Some of you are perhaps also aware that I’ve recently (re)turned to mindfulness meditation to manage stress levels, as part of a concerted campaign against elevated Thyroid Peroxidase antibodies in my bloodstream.

And probably all of you know that over the last couple of years I’ve been investigating the transpersonal potential of psychedelics.

What I am slowly realising, however, is how tightly these three areas are woven together. Continue reading “Counselling, Meditation and Psychedelics”

Foiled Episode 1: Everything’s Kings (BBC Radio)

This is mad, isn’t it? A year ago I was in the London Welsh Centre, watching rehearsals for a hair-based theatre comedy called ‘Foiled’. Being one of the writers, I loved every minute – but I never expected The Stage would call it ‘the perfect comedy’ in a 5-star review.

That was dreamy enough, but imagine being given a BBC Radio series! Insane. And it’s being broadcast TOMORROW.

YES – Saturday the 1st of July at 1pm. Continue reading “Foiled Episode 1: Everything’s Kings (BBC Radio)”

The Science of Psychedelics and Exceptional Human Experience

“I don’t take reality for granted.”

Weird stuff happens. People really do experience telepathy, alien abduction and pre-cognition.

In the UK, we usually push such stories to one side and either forget about them, or (worse) medicate them. David Luke, Senior Lecturer for Psychology at the University of Greenwich tries to understand them. Continue reading “The Science of Psychedelics and Exceptional Human Experience”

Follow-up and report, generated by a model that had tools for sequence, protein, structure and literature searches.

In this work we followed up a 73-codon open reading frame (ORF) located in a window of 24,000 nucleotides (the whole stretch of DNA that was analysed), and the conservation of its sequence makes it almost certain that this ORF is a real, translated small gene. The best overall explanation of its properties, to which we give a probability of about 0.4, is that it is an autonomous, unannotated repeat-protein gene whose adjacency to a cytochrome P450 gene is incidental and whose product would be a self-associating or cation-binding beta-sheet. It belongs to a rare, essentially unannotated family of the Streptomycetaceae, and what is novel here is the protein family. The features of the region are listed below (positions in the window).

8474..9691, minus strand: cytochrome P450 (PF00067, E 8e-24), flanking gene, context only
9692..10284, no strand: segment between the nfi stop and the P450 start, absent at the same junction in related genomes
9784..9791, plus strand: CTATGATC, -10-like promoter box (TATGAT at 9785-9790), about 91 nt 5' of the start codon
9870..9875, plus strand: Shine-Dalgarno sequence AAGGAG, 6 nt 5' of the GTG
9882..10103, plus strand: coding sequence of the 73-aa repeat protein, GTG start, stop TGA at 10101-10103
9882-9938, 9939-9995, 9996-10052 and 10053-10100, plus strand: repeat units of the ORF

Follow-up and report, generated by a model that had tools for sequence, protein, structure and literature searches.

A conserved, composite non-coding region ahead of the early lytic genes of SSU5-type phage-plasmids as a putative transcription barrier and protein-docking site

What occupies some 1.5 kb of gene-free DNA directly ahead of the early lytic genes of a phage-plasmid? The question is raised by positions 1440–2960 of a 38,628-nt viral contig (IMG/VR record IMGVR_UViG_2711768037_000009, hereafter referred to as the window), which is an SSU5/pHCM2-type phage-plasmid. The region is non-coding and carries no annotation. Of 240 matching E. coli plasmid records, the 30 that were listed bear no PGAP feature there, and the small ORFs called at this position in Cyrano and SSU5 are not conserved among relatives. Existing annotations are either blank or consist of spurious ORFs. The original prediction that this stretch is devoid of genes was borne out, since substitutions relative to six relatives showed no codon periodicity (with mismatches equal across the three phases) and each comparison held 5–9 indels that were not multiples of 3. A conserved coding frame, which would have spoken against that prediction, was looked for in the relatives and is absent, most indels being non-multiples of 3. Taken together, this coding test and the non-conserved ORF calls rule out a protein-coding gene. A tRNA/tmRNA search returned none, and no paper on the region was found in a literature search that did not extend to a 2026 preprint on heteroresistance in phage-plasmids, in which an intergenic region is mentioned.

How to get a BBC Radio Comedy Commission

In January 2016, Beth Granville and I were commissioned to write four episodes of our sitcom Foiled for BBC Radio Wales. I still get goosebumps writing that sentence! Getting a comedy commission from the BBC really doesn’t happen very often in a writer’s life and I feel fantastically lucky.

Earlier this week, Beth and I were invited by London Comedy Writers to share our recipe for the secret sauce. This blog is more detail on how I reckon we got that BBC radio comedy commission. Continue reading “How to get a BBC Radio Comedy Commission”

No Tabbed Browsing


This could be the most boring positive constraint ever conceived. To be honest, I did feel pretty embarrassed about sharing such a geeky post. But if, like me, you sometimes feel chained to the hedonic treadmill of The Internet, then I have no shame.

This positive constraint has helped me spend less time in from of the computer, while making that time more productive. Thanks to No Tabbed Browsing I have spent less time aimlessly browsing the web and more time getting shit done.

I won’t blame you if you skip this one, but if you think you might have a problem – enjoy!

Continue reading “No Tabbed Browsing”